White: The tough part about comedy is that you get an instant review. In drama, you can act all over the place. "Wow, look at her acting, isn't it wonderful?" But with comedy, if you don't get the laugh, you bomb.
Mayim Bialik: When I was 10, I went to public school in L.A., and I did shtick for kids at the bus stop. One of my favorites was this spot-on mimicry of this girl in our class. I was not cruel at all, and I was actually very friendly with her. It was then that I realized the subtle line between mimicking someone to the delight of other people because it's so spot-on but without being nasty.
White: Can you still do it?
Bialik: Yeah, but now it might be mean!
THR: What is the best advice you've ever received about comedy?
Walter: I've learned more about acting and life and love from my husband [actor Ron Leibman] than anybody. And we've always looked at comedy from the character's viewpoint. What is the goal? What are the relationships? With Arrested Development, they write in such a character-specific way that it's never "joked." And that's how we approach it.
White: And sex helps. (Laughter.)
Olson: I learned a lot of technical stuff at the Groundlings. But really, what I've learned is to not care what other people think and just make myself laugh.
Bell: My husband [actor-comedian Dax Shepard] has always said the same thing. You have to accept that it's subjective.
Olson: It just turns into a different thing, which is trying too hard, and that isn't funny.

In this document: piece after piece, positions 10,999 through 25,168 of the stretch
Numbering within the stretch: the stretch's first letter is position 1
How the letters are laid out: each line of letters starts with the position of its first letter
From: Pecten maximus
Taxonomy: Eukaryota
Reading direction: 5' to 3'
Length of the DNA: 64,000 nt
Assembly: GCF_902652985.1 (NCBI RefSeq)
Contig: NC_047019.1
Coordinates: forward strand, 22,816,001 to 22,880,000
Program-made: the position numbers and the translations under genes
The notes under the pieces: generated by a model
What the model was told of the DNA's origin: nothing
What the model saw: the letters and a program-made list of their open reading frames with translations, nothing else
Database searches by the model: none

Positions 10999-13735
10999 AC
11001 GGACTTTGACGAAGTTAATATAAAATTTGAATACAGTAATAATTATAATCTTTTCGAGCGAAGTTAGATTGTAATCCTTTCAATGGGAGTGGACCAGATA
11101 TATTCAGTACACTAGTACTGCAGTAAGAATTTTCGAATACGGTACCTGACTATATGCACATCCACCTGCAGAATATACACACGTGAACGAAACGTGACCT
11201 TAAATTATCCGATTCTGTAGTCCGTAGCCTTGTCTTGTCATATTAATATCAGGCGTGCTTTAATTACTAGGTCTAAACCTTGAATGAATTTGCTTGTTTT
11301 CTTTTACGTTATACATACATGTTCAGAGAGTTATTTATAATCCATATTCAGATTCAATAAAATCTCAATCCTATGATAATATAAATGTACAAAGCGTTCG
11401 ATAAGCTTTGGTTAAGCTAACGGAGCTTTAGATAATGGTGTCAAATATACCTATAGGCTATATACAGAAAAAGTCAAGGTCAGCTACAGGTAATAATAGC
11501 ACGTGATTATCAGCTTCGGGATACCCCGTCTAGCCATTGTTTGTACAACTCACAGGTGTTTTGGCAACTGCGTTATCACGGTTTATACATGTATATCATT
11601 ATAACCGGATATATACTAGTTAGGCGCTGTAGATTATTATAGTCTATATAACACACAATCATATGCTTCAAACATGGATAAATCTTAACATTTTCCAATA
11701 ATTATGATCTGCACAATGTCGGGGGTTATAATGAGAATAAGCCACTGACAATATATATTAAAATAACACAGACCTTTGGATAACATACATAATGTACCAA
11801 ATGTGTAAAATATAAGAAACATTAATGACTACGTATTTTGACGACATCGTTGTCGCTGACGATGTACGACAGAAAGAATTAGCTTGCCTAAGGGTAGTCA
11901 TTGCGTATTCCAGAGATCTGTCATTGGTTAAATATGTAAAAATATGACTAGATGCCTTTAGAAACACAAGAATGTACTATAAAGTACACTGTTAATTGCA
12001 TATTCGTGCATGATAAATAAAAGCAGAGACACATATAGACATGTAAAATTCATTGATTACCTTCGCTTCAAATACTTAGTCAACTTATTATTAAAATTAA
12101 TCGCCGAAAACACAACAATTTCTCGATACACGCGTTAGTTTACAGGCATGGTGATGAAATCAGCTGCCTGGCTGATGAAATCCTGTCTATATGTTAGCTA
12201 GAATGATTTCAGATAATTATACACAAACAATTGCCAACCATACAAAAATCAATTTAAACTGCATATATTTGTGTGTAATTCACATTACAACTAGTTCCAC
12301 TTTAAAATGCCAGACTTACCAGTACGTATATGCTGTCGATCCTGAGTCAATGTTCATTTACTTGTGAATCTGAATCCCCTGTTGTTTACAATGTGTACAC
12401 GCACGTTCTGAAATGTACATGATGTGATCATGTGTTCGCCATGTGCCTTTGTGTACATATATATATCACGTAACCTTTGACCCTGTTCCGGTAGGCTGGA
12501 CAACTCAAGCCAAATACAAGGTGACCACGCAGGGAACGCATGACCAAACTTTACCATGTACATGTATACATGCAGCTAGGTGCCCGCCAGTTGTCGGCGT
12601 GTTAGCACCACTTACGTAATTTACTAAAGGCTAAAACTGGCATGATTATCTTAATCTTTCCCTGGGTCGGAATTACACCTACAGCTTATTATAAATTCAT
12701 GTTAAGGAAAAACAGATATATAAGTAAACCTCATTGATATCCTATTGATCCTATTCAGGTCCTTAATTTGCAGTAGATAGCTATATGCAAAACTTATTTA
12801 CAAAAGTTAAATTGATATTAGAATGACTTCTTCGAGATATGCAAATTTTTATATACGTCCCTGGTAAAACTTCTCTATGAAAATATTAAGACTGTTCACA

White: But isn't it human nature to feel that the person who doesn't laugh -- the one dozing in the first row -- is the one you most worry about?
Olson: Oh, yeah, I'll take that personally.
White: It's all you can think about!
THR: Zosia mentioned getting strange feedback in auditions. Have others experienced this as well?
Olson: In one pilot season, I auditioned for this comedy series. The woman was like, "No, you need to be really, really sad. Please do it again." And I did it sadder with crying, but thought it didn't make any sense because it's for a comedy. After, she called my manager and said, "She needs to take an acting class. She was not following the direction. I wanted her to just be funnier and bigger." I was like, "What the?"
White: Oh, give me a break!
Mamet: It was backwards day.
Olson: You should never audition on backwards day.
Mamet: Never. It always f---s you.
White: I'm going into my 66th year in this business, and it's been a while since I've auditioned. But the stage fright -- I can still feel it here. [Touches her chest.] Even if I'm just on a game show, I have that same thing. It's almost sadistic. You don't want to not feel it.